🎵 It’s the most…wonderful…DAY…of the year!!! 🎶 You might be thinking I must be talking about Christmas, right?…you would be wrong! 😉 Today is the Winter Solstice ya’ll! (…in the Northern Hemisphere.) It is one of my ABSOLUTE, MOST FAVORITE days of the entire year!
You may ask yourself, “Self, why would someone who struggles with SAD (Seasonal Affective Disorder) be happy about the day of the year with the shortest amount of daylight?” That’s simple! Starting tomorrow…THE DAYS START GETTING LONGER AGAIN!!! WHOO HOO!!! WE MADE IT!!! 🌞 We did it! We survived!
Less sunlight in the winter
It never ceases to amaze me, the first of November arrives and the time change hits, and every year it feels like it will be an ETERNITY until the days start getting longer again. But then you slowly plod through the first week…and then the second…and then it’s the week before Thanksgiving (so things are starting to perk up a bit, I always enjoy Thanksgiving!)…and then the Christmas season is in full swing! Between decorating the house, shopping for gifts, and singing carols, who has time to feel down? Then before you know it, the Solstice is here again (and it usually arrives more quickly than I expected!)
The first few weeks of January are always a bit rough, as well. Everybody takes their Christmas lights down, so their twinkling goodness is no longer there to light up those long, dark nights…the joy of the Christmas season is over, and now you’re just stuck with the COLD! 😨 But, at least the days start getting longer by that point…and the first day it’s still reasonably light out at 5 pm, you know you’ve conquered another LONG, DARK season. 💪
The history of the Winter Solstice
December 21…the Winter Solstice (in the Northern Hemisphere)…the longest night of the year. It’s also called “Midwinter” (which seems odd, since winter is just ramping up, and, according to the astronomical calendar, today is only the initial day of the cold season).
Science confirms the Winter Solstice occurs when the sun reaches its most southerly point, directly over the Tropic of Capricorn. This is as opposed to its summer counterpart—when the sun is directly over the Tropic of Cancer. (If you’re living in the Southern Hemisphere, the solstices are, obviously, switched).
Historically, the Iranians called it “Yalda Night“; the Druids, “Yule“, “Mother Night” and “Alban Arthan” meaning, “The Light of Arthur” (based on the legend of King Arthur). A ceremony commemorating this day is still held at Stonehenge each year. The ancient Mayans believed in offering blood sacrifices to the sun god to placate him into returning his light to the people. Fortunately, we don’t take things to that extreme these days (though in the darkest days of winter, I may have considered pricking a finger or something). 😝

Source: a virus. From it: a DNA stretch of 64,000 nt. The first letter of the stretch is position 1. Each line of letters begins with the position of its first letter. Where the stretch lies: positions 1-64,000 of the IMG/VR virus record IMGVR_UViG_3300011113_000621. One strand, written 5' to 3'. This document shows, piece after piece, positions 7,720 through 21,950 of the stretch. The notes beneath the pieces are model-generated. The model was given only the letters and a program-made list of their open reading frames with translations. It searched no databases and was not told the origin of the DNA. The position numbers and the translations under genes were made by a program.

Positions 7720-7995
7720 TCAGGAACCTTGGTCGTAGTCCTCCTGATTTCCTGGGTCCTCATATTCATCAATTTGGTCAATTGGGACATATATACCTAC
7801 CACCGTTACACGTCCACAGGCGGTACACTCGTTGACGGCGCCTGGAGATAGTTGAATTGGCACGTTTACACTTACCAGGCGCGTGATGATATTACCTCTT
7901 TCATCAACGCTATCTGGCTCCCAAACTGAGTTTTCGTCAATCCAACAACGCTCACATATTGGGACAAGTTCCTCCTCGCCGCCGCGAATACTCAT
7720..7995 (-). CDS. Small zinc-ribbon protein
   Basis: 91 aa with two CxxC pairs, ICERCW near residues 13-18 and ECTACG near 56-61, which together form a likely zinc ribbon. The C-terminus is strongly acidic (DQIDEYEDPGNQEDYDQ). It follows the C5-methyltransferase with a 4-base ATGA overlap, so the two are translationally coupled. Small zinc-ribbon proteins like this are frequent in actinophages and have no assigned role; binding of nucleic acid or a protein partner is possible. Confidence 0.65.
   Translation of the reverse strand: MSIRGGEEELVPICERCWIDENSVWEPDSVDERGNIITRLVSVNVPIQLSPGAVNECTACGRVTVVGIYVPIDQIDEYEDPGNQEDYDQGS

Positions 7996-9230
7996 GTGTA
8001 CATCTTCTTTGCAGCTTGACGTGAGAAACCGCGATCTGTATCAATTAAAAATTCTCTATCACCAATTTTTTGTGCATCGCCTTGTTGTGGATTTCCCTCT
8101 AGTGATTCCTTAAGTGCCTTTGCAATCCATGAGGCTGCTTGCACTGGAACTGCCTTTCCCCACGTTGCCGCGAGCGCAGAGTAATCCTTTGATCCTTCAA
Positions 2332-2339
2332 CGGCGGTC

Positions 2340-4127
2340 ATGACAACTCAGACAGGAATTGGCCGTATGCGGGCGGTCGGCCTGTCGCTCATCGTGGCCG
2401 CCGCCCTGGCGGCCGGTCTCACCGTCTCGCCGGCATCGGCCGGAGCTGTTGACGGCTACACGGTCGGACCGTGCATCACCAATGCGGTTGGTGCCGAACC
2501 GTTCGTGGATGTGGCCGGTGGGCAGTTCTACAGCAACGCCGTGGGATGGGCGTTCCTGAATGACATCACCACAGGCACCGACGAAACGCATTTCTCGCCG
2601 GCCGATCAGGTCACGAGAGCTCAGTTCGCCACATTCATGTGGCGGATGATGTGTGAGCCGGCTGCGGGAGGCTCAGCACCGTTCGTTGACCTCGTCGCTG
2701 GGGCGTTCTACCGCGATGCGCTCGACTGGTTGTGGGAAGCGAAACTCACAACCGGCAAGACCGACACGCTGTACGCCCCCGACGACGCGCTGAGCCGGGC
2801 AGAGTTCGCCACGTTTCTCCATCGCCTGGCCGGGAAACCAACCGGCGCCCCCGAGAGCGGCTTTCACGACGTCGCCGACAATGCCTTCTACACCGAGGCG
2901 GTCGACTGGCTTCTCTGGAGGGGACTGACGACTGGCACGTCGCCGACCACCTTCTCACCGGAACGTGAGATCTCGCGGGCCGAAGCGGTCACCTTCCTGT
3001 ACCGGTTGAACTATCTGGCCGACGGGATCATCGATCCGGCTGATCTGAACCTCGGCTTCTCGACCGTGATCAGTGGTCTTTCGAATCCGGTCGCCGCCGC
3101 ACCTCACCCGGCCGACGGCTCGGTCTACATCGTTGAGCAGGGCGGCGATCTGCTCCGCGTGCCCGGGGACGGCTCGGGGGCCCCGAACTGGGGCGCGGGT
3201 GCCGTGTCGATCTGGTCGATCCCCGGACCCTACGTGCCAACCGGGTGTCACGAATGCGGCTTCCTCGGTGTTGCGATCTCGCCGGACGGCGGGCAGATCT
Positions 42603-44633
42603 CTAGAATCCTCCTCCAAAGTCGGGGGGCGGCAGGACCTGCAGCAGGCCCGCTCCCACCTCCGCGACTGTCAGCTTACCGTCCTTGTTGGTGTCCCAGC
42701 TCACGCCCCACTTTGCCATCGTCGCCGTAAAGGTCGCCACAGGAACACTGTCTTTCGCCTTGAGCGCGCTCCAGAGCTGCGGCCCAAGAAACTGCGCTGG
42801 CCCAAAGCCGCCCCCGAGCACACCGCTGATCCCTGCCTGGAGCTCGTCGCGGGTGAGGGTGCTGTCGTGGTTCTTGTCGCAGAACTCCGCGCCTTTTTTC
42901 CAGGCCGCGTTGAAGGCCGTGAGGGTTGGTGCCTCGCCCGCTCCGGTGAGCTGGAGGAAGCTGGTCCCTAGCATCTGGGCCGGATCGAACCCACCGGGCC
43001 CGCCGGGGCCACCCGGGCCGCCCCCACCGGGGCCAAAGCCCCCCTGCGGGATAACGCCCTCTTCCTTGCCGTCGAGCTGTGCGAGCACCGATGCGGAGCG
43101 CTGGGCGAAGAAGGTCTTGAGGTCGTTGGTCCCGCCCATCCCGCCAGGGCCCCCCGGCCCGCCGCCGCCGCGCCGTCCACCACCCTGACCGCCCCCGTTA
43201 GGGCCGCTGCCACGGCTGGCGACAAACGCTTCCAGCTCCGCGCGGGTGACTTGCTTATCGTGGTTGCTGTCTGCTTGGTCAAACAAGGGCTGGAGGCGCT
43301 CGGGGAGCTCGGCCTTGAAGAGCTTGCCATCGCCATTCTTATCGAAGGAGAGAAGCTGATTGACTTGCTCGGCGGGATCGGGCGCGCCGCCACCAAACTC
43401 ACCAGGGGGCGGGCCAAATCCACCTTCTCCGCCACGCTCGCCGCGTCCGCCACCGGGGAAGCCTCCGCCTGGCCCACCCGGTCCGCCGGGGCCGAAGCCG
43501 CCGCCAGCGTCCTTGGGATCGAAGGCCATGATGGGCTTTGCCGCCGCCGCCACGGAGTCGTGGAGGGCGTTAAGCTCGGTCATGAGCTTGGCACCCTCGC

The dictionary defines “solstice” as, “a furthest, or culminating point, a turning point.” The word derived from Latin is loosely translated as “the sun stands still”.
Interestingly enough (according to one of my favorite apps) the shortest amount of daylight doesn’t take place only today, it also occurs for several days surrounding the Solstice. This makes sense as the sun’s southward track has to stop and then reverse itself.
I LOVE the Winter Solstice!
Today is, by far, one of my favorite days of the year! It may seem strange, for someone who struggles with depression caused by lack of daylight, to be so excited about the day of the year that offers the least light. But that’s why it’s worth celebrating, we’ve made it! We’re no longer toiling to reach the end of a long, dark tunnel (as daylight wanes). Starting tomorrow, we’re basking in the warm glow of the light at the end of that tunnel (as the days will now begin to grow longer).
This is what negotiating a life with anxiety and depression looks like. It’s all about successfully mitigating the symptoms of these disorders by seeking out the small blips of “light”–whatever gives us a sense of peace and happiness–that are always present, even in the darkest moments.
In case you were wondering, yes, I find the Summer Solstice—or day with the longest amount of daylight—to be a bit depressing. The reason being, after that day we begin our prolonged trek into darkness.
So get out there and enjoy our ever-increasing amounts of daylight! To our friends in the Southern Hemisphere, you have my sympathies today, as you now commence your long slog to “the Shortest Day”…but, we’ve obliged you all long enough, we’re taking our daylight back! It’s our turn to enjoy the light because…
Do you have any feelings regarding the shortest day of the year? Tell me about them in the comments!
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